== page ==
The boy apparently doesn’t know what color his skin is, because he dresses exactly the way someone that pale shouldn’t dress. Either he wears black, so that his face lights up like a neon sign, or he wears khaki pants and a white shirt so that it’s just a continuous, frustrating, blending blob of white. You can’t even find Casper Fairfax when it snows – I dare you to try, because it’s impossible; all you can see is a black figure with no head.

 

 

 

And you can’t, for the life of you, call Casper Fairfax anything but Casper Fairfax. Other than “the guy in white”, for the occasional person who has yet to be introduced to Hogwarts’ own living ghost.

 

 

 

“And wasn’t he bummed out whenever he got rejected by that manly-looking German girl who continuously got detention for flirting with Professor Flitwick?” I add on to Rose’s question. Thanks to my roommates, I’m kept updated on the world of gossip, and even though I’m reluctant to admit it, I know plenty of embarrassing facts about Casper Fairfax. Why Astrid picks him, of all people, to discuss at great frequency, I will never know.

 

 

 

Delia frowns and furrows her brow. “He didn’t get rejected by her, she just told him she didn’t like dating people her age and he was disappointed – and yes, that’s him.”

 

 

 

“Oh, your standards have gotten a little lower recently, I see,” Rose points out, rolling her eyes. She finds this hilarious, I know. She’ll use it as evidence to her defense next time Roxanne scolds her for one of her own boy toys. “Casper Fairfax – I suggest you don’t date him into Christmas hols, or else you’ll lose him and never find him again.”

 

 

 

“Rose,” Roxanne says, her voice taking on the tone of warning to which Rose and I have become so adjusted. The fighting should begin soon. I know it’s coming.

 

 

 

Rose does not stop – why she would stop is beyond me. If I were as cruel as she is, I wouldn’t want to stop, either. I enjoy battering Delia every once in a while, but as a somewhat humane person, I can’t let myself continue for too long; Rose never has that problem. She’s just a bitch, twenty-four hours a day, seven days a week. Must be nice.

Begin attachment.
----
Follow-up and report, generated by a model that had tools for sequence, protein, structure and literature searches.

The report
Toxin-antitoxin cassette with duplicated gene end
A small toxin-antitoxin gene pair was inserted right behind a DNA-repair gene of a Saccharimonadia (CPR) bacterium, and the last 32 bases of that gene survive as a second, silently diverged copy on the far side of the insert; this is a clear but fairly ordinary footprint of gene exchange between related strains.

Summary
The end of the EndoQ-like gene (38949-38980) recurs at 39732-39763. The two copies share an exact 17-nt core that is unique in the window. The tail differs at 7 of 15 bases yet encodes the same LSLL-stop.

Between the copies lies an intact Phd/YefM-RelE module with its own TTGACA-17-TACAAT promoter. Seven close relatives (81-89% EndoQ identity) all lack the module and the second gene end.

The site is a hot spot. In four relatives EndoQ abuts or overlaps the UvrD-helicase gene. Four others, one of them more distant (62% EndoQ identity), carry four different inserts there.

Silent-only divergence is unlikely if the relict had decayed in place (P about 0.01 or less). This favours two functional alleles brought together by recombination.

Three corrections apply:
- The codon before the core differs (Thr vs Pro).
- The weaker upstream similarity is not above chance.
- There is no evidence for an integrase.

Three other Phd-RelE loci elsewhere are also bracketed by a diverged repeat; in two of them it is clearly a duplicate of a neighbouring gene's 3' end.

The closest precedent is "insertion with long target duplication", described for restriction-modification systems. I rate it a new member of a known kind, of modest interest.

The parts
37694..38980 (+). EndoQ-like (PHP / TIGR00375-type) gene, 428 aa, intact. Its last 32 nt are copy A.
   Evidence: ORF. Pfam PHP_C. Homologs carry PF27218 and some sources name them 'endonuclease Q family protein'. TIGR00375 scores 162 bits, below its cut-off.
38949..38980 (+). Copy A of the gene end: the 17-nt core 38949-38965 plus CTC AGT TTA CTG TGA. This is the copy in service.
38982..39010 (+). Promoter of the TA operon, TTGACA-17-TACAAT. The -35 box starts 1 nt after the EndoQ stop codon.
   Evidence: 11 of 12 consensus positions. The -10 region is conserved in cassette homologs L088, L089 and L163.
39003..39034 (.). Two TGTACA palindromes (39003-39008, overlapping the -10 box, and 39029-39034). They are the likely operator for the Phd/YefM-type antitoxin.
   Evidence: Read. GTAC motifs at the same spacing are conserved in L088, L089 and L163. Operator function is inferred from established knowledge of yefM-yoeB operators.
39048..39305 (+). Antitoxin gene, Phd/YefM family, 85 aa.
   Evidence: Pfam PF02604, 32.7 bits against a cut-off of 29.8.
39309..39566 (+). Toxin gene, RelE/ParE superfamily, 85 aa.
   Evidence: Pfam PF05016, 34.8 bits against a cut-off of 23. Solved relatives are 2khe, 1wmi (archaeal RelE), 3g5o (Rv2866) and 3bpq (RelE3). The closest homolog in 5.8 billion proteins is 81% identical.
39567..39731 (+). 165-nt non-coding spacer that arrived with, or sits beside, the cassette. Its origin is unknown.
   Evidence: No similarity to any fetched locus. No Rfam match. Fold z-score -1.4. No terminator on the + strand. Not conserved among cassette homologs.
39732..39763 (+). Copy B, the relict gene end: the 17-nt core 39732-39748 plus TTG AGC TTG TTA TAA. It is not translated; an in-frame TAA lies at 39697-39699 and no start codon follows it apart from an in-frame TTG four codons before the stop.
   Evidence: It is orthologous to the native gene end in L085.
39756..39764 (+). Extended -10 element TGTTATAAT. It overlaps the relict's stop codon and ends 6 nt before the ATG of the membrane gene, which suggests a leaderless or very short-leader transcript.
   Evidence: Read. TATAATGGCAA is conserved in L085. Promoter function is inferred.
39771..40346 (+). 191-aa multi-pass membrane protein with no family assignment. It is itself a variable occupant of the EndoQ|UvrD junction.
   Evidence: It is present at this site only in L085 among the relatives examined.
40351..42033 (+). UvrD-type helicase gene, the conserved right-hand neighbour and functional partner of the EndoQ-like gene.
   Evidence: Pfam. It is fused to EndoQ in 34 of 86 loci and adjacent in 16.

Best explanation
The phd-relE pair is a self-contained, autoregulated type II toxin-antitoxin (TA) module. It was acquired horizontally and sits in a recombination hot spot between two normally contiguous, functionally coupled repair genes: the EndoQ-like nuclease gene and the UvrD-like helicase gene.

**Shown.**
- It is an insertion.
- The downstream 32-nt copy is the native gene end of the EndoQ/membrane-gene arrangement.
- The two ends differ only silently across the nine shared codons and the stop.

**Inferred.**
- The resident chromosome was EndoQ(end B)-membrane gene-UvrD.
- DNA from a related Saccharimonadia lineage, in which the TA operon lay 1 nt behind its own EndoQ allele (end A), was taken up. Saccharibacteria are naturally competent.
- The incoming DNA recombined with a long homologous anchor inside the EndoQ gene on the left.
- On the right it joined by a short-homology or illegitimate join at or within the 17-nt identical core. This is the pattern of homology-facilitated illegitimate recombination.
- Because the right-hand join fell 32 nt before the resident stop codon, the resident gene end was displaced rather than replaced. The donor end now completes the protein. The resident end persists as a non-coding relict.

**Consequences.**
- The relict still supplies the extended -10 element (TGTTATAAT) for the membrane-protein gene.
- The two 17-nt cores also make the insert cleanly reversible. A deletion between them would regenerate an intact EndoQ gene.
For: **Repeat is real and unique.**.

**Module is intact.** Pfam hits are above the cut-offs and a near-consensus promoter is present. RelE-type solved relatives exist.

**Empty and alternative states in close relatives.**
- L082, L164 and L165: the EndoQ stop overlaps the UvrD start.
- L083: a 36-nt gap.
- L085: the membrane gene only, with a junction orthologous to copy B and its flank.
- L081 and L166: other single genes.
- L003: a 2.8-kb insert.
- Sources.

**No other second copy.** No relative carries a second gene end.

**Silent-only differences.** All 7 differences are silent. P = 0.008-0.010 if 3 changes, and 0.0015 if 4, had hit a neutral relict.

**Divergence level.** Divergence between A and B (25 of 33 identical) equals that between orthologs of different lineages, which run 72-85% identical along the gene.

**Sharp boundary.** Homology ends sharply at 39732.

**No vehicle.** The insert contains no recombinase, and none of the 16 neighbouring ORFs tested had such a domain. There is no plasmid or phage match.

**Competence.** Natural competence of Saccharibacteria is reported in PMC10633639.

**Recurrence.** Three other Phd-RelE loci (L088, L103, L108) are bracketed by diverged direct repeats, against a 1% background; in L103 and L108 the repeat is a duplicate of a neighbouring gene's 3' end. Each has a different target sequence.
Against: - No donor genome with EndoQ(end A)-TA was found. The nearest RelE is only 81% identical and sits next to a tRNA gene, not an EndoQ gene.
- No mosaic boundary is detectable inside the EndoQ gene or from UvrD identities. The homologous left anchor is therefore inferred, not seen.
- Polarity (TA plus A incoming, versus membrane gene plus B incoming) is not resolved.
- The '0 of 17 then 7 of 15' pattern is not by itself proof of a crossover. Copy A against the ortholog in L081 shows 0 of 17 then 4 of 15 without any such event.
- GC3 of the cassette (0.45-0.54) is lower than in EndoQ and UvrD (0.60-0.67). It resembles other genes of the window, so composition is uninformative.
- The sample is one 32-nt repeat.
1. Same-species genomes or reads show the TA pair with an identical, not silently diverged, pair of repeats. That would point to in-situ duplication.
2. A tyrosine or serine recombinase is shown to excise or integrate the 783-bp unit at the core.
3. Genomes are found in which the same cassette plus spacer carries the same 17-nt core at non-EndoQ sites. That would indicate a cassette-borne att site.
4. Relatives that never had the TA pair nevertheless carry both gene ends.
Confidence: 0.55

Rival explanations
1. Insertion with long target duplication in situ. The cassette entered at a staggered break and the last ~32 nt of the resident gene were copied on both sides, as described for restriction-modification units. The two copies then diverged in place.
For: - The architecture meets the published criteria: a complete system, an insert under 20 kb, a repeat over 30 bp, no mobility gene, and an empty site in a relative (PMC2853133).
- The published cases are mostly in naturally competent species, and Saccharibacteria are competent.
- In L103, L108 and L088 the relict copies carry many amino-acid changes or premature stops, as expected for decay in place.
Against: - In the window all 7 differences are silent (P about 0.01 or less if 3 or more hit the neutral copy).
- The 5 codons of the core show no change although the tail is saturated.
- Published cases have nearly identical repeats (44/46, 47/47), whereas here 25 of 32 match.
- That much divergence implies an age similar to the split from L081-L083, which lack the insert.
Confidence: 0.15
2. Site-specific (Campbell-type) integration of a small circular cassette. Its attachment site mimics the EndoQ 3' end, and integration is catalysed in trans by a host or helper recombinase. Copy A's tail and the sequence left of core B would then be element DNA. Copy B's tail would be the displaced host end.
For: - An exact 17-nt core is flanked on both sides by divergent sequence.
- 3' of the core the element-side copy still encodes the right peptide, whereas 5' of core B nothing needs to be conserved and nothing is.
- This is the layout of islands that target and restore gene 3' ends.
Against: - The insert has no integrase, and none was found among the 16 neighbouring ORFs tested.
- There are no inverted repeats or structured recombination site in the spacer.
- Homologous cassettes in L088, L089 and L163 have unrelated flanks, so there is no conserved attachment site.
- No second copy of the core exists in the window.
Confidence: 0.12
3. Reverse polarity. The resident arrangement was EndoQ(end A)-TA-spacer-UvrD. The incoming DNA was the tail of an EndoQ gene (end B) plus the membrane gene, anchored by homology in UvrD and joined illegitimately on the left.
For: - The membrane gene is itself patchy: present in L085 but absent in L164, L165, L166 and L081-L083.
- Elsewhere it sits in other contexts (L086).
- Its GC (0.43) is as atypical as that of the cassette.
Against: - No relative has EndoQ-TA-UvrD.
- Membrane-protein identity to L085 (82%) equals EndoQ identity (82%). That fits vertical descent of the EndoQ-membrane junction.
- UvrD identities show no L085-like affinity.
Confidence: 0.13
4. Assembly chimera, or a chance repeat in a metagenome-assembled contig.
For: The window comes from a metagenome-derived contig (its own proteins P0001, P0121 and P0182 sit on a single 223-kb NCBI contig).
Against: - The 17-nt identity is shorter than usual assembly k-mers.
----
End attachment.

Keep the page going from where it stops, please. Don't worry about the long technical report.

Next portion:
“Delia, have you ever considered dating someone who, I don’t know, deserves you?”

 

 

 

The redheaded devil now treads into dangerous territory, I see. I know what will happen next – it’s the same thing that always happens. Rose isn’t pushing too far, but Delia will think that Rose acts completely out of line – a common assumption made, of course. Delia will cry in just a few moments. She always ends up crying. She is thin-skinned and easily offended, and whenever we do offend her, which, as I said, occurs all the time, she cries. Immediately. She does not waste a single second. She just bursts into tears, covers her face with her hands, and runs away sobbing. And I have a feeling that the waterworks are on the way. Oh, brilliant.

 

 

 

Delia’s eyes widen and fill with tears, and I know from the way her bottom lip trembles that I’m one hundred percent correct. (Big surprise there, right?) That’s the one thing about Delia that you can count on, no matter what. Even when her standards change daily, when she changes her style and her mannerisms because of the boy she is with, when she can’t stay the same for two days in a row, Delia Longbottom will always burst into tears whenever she is insulted – or whenever she even thinks she has been insulted.